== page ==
Media Advisory: REAL ID briefing Oct. 1 at Sea-Tac International Airport

September 30, 2019

DOL logoMedia Advisory—For Immediate Release

Sept. 27, 2019

Contact: Kate Hudson, Sea-Tac Airport, (206) 797-4362, Hudson.k@portseattle.org

Contact: Christine Anthony, DOL, (360) 902-3616, canthony@dol.wa.gov

ADVISORY: REAL ID enforcement starts in one year, and Sea-Tac International Airport, Department of Licensing, and Transportation Security Administration want to make sure Washington residents are ready

Representatives from Seattle-Tacoma International Airport, Washington State Department of Licensing, and the federal Transportation Security Administration will host a media briefing at 10 a.m. Tuesday, Oct. 1, to talk about REAL ID enforcement one year away.

This will be an opportunity for media to ask questions about what residents need to know before REAL ID enforcement begins Oct. 1, 2020, and what action, if any, they need to take to make sure they have the documents they will need for air travel.

  • Date: 10 a.m. Tuesday, Oct. 1
  • Location: Sea-Tac International Airport breezeway in front of TSA Checkpoint 3 (between the American Airlines and Southwest Airlines ticket counters)
  • Speakers: Lance Lyttle, Managing Director, Aviation Division, Port of Seattle; Teresa Berntsen, Director, Department of Licensing; Chris Baden, Deputy Federal Security Director for Washington, Transportation Security Administration

Downtown Seattle licensing service office is moving to a new location starting July 30

July 22, 2019

DOL logoSeattle is growing, and we’re growing along with it.

Effective Tuesday, July 30, our downtown Seattle licensing service office will be housed in a new location:

450 3rd Ave W, Suite 100
Seattle, WA 98119

July 26 is the last day at the Spring Street office.

Although the new office will normally be open on Mondays, it will be closed July 29 so we can install and test new cameras, finish office setup, and acclimate staff. We’ll be ready to serve the public the following day.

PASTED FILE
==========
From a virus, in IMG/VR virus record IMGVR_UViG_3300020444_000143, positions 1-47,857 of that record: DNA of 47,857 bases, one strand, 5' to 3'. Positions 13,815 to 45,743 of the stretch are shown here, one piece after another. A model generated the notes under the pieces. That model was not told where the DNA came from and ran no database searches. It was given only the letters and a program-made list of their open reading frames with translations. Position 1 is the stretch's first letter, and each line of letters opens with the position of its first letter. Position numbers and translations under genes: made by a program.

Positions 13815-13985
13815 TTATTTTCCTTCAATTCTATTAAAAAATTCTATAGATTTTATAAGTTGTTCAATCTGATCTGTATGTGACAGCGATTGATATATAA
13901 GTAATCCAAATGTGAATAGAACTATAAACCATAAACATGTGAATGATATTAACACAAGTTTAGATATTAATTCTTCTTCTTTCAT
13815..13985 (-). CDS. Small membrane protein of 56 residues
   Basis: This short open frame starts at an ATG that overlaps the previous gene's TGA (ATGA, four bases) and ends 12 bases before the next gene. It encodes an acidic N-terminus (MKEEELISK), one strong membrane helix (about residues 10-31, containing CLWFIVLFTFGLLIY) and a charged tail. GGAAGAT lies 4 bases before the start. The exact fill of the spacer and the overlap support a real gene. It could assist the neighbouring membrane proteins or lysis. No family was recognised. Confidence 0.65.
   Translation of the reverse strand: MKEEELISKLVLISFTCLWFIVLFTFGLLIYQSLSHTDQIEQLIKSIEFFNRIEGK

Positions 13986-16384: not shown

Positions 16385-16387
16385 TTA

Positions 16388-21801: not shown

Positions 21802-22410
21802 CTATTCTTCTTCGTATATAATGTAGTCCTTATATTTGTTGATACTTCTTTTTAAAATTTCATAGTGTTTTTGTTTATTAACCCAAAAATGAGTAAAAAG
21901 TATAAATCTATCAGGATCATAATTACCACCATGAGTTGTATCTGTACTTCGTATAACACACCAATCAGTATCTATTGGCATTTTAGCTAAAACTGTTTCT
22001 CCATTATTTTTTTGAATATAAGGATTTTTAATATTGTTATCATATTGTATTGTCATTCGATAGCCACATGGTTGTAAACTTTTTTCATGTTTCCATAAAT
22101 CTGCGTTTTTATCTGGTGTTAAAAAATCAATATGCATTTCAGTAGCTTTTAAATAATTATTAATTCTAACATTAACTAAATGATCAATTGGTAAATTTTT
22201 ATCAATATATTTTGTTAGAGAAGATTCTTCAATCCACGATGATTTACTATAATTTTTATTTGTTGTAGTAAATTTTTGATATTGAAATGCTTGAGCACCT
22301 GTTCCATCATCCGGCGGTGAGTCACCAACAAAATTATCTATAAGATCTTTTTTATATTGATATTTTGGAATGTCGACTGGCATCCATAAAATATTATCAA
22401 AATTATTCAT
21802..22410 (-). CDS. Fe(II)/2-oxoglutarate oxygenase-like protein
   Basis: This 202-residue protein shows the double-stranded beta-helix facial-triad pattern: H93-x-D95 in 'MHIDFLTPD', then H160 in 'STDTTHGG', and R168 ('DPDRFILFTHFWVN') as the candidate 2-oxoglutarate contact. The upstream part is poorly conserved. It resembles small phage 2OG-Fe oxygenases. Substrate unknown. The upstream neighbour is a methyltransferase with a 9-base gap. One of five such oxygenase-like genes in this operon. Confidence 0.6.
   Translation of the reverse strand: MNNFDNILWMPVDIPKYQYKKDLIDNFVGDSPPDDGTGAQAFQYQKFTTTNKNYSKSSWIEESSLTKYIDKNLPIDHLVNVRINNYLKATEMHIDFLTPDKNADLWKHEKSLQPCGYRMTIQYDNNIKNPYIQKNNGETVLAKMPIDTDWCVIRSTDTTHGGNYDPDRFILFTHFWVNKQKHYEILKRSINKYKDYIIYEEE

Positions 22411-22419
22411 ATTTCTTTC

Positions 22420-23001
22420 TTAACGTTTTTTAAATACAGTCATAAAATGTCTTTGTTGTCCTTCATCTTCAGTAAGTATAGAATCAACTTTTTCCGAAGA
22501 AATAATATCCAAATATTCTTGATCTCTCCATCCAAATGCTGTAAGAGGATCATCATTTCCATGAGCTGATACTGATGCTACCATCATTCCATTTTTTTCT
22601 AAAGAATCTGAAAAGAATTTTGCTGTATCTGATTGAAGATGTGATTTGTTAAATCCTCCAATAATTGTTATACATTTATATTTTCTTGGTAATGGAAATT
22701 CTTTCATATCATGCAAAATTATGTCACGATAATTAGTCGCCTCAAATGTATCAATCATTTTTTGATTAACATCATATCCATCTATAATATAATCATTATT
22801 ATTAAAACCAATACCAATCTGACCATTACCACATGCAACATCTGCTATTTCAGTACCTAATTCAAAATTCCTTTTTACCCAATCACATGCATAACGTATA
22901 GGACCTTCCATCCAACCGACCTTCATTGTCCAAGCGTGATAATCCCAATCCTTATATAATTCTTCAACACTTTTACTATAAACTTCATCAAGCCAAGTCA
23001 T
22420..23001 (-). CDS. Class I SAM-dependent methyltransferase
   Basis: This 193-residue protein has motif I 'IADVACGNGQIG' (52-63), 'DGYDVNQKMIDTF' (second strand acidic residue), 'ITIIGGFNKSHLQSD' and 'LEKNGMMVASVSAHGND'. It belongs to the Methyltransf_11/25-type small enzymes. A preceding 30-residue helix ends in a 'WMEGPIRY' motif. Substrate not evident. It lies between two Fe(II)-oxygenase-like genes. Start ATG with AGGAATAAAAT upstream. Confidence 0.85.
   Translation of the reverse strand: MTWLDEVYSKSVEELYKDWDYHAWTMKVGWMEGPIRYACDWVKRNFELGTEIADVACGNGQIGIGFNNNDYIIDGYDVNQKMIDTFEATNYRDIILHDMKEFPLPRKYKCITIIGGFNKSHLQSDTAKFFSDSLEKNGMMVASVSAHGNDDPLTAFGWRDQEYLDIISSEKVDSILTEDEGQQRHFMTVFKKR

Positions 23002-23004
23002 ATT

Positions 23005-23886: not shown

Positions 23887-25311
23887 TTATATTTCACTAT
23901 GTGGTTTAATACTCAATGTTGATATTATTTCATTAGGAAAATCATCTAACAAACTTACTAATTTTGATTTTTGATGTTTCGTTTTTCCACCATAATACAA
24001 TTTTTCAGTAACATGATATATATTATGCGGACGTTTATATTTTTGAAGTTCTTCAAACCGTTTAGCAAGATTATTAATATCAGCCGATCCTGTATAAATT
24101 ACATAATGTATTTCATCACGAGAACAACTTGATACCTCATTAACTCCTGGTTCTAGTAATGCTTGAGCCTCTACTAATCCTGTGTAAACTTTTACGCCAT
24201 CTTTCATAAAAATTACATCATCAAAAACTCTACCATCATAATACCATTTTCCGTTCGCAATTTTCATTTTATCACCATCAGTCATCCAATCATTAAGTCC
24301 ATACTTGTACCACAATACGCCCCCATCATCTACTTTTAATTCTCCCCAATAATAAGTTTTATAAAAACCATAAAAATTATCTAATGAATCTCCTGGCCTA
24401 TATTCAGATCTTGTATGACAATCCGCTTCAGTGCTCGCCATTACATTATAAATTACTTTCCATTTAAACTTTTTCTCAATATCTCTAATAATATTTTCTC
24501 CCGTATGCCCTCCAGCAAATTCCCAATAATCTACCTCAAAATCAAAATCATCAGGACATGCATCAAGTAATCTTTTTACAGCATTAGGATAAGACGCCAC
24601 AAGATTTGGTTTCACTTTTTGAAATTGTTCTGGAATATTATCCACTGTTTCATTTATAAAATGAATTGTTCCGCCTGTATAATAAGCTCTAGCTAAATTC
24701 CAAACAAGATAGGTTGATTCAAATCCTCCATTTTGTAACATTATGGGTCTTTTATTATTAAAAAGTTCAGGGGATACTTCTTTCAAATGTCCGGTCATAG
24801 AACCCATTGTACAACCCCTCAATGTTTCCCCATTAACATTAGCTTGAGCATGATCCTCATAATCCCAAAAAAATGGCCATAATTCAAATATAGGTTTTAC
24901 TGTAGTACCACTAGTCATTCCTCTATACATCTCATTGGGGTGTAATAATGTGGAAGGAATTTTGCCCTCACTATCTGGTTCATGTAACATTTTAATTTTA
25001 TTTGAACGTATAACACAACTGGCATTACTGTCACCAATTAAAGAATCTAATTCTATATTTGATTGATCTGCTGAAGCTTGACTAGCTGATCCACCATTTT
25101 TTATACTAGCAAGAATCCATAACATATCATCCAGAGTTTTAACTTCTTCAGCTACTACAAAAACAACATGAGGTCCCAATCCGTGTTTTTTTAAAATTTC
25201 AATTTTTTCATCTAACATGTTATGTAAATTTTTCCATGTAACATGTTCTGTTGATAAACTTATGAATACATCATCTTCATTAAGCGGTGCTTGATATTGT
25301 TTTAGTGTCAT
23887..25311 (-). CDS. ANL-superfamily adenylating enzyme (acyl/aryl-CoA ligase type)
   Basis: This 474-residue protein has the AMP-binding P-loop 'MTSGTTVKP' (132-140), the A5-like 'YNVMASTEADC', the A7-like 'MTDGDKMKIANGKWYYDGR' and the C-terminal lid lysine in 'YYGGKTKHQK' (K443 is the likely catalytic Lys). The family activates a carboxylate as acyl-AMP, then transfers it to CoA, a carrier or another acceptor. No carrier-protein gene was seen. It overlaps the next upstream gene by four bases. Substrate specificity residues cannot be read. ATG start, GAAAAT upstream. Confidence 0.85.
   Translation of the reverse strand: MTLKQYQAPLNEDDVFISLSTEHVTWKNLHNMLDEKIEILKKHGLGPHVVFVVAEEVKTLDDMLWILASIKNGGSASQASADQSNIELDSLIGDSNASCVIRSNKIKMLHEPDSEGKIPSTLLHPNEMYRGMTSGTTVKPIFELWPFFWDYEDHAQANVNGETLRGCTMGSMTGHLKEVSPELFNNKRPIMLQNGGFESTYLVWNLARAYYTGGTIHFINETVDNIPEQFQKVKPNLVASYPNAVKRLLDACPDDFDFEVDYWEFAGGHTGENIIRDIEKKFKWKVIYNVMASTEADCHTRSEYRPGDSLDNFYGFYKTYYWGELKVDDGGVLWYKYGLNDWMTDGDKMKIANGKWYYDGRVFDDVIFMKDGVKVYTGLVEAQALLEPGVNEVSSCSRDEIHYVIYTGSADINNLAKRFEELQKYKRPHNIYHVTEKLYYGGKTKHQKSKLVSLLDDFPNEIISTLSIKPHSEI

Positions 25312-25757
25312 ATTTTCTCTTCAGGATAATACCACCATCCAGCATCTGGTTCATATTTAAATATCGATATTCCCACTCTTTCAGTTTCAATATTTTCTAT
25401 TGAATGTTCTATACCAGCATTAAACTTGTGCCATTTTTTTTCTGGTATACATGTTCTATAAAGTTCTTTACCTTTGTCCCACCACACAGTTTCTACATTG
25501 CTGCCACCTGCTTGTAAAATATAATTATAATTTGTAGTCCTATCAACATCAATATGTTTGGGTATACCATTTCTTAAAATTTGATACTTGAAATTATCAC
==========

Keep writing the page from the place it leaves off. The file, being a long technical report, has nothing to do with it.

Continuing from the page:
With nearly double the space of the Spring Street office, the new location on 3rd Avenue will help with customer flow and provide a more comfortable environment for visitors and staff. The addition of three work counters, cameras at each workstation, and other updated equipment and software will also help us more effectively meet customer needs.

The change of address won’t affect hours of operation: 8:30 a.m. to 4:30 p.m., Monday through Friday.


VIDEO: Trooper speaks about dangers of impaired, distracted driving

September 9, 2014
trooper-carr-2b

Trooper Sean Carr

(Seattle) The year was new, the weather still dark and cold when a threat to drivers intensified during the morning rush-hour on Interstate-5.

An SUV traveled south in the northbound lanes.

It struck one vehicle, then continued.

Then, it struck another. Still, the SUV pressed on.

Trooper Sean Carr heard the call from dispatch on that January morning.

    An erratic, wrong-way driver.

Carr understood the threat level.

“Lots of people are off to work, getting kids off to school or getting them to daycare,” he recalled months later.

As Carr travelled north on I-5, the SUV approached and showed no sign of slowing.

“I had to take her SUV head-on with this patrol car,” Carr shared.

Carr, whose wife and father-in-law are also state troopers, knew this was the type of moment he’d signed-up for when he joined the Washington State Patrol seven years earlier:  a moment to serve and protect.

Carr said he made a split-second decision.

“I knew there was a trooper behind me, who was actually a cadet, with his field-training officer riding with him. They were in direct line with the SUV behind me. There was plenty of northbound traffic already on the roadway… And I knew that she’d already struck two other vehicles and continued. And if I did not put myself in front of her, she was going to keep going.

“I made the conscious decision to sacrifice my patrol car, and even potentially sacrifice myself, to stop that (SUV) because as a state trooper, I believe in that; that I am here to run towards the gunfire.  I’m here to help people, save people and, if need be, to lay my life down for those people.”